The boom and blare of the big brass band is cheering
to my heart
And I like the smell of the trampled grass and elephants and hay.
I take off my hat to the acrobat with his delicate, strong art,
And the motley mirth of the chalk-faced clown drives all my care
I wish I could feel as they must feel, these players
brave and fair,
Who nonchalantly juggle death before a staring throng.
It must be fine to walk a line of silver in the air
And to cleave a hundred feet of space with a gesture like a song.
Sir Henry Irving never knew a keener, sweeter thrill
Than that which stirs the breast of him who turns his painted face
To the circling crowd who laugh aloud and clap hands with a will
As a tribute to the clown who won the great wheel-barrow race.
Now, one shall work in the living rock with a mallet
and a knife,
And another shall dance on a big white horse that canters round
By another’s hand shall colours stand in similitude of life;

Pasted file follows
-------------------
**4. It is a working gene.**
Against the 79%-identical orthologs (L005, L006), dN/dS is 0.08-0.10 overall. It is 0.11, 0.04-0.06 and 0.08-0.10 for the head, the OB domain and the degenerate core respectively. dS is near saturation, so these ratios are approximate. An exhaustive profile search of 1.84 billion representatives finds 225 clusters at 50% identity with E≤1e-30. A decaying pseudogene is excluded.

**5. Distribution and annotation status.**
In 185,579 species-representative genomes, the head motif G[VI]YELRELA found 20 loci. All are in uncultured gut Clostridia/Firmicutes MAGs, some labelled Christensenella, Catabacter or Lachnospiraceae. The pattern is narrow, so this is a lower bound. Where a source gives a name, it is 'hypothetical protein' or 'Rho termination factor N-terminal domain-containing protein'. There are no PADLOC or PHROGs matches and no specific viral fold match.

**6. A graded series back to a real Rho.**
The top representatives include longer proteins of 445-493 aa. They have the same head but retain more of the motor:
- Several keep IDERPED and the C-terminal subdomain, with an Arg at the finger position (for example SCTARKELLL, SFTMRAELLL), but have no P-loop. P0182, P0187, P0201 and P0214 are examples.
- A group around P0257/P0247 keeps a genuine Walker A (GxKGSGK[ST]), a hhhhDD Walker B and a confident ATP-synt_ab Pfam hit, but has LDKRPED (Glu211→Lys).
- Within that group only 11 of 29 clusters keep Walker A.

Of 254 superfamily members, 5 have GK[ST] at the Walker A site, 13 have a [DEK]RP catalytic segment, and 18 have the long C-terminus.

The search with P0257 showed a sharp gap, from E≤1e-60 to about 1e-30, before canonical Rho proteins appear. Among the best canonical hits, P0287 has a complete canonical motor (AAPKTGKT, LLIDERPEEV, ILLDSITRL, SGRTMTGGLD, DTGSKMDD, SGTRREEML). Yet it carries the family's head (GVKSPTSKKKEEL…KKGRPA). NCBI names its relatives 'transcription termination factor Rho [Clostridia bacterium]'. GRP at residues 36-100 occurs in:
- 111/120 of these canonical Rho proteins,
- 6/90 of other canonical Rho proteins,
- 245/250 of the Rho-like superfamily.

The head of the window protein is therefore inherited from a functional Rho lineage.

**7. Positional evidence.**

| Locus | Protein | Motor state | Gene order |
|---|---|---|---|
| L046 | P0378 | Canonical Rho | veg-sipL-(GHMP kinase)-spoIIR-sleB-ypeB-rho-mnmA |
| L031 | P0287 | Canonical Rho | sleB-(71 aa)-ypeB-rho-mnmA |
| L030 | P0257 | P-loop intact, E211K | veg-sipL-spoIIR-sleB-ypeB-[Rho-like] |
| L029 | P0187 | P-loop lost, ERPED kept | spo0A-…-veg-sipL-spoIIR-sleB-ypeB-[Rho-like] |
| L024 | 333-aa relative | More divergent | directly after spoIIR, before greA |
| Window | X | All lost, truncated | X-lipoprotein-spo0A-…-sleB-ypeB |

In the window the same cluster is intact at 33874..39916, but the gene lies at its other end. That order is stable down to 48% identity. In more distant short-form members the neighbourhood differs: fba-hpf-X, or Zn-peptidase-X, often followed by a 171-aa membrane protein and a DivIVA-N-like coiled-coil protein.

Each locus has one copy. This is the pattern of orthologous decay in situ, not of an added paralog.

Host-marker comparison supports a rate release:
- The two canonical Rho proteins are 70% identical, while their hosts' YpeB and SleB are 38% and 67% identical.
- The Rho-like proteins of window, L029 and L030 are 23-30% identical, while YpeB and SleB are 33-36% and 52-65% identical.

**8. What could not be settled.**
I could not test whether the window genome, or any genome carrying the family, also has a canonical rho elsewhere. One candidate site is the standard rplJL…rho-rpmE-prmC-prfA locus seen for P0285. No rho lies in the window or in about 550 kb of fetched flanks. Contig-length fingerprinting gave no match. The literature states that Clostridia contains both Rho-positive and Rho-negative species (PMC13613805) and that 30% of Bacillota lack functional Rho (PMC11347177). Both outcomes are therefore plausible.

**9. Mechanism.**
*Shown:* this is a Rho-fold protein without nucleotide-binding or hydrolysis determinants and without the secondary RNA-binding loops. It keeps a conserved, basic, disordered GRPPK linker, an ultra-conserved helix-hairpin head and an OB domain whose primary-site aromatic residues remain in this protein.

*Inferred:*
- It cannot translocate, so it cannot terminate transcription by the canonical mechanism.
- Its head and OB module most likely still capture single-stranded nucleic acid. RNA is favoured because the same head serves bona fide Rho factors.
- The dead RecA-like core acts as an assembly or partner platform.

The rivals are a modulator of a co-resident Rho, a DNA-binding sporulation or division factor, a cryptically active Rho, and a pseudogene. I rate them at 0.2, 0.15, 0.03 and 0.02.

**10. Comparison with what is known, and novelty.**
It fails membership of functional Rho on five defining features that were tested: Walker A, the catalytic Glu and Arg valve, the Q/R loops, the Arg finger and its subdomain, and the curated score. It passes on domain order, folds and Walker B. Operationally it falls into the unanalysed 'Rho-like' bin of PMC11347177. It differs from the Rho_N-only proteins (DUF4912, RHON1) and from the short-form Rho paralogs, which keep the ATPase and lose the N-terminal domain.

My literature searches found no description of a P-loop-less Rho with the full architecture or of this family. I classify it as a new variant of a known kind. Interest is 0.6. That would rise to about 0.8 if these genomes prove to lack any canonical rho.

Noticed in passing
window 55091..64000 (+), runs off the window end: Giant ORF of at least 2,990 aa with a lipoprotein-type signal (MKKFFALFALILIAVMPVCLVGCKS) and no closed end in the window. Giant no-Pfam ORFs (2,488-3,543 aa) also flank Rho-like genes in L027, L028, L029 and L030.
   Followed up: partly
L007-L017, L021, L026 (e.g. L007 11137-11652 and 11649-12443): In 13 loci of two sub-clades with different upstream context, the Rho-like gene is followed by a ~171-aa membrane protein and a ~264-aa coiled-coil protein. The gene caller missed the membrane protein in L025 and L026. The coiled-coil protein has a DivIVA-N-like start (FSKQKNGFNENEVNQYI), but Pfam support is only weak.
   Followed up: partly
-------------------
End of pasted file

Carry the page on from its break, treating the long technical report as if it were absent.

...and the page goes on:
And the hearts of the three shall be moved by one mysterious high
For the sculptor and the acrobat and the painter
are the same.
They know one hope, one fear, one pride, one sorrow and one mirth,
And they take delight in the endless fight for the fickle world’s
For they worship art above the clouds and serve her on the earth.
But you, who can build of the stubborn rock no
form of loveliness,
Who can never mingle the radiant hues to make a wonder live,
Who can only show your little woe to the world in a rhythmic dress
What kind of a counterpart of you does the three-ring circus give?
Well — here in the little side-show tent to-day
some people stand,
One is a giant, one a dwarf, and one has a figured skin,
And each is scarred and seared and marred by Fate’s relentless hand,
And each one shows his grief for pay, with a sort of pride therein.
You put your sorrow into rhyme and want the world
You sing the news of your ruined hope and want the world to hear;
Their woe is pent in a canvas tent and yours in a printed book.
O, poet of the broken heart, salute your brothers here!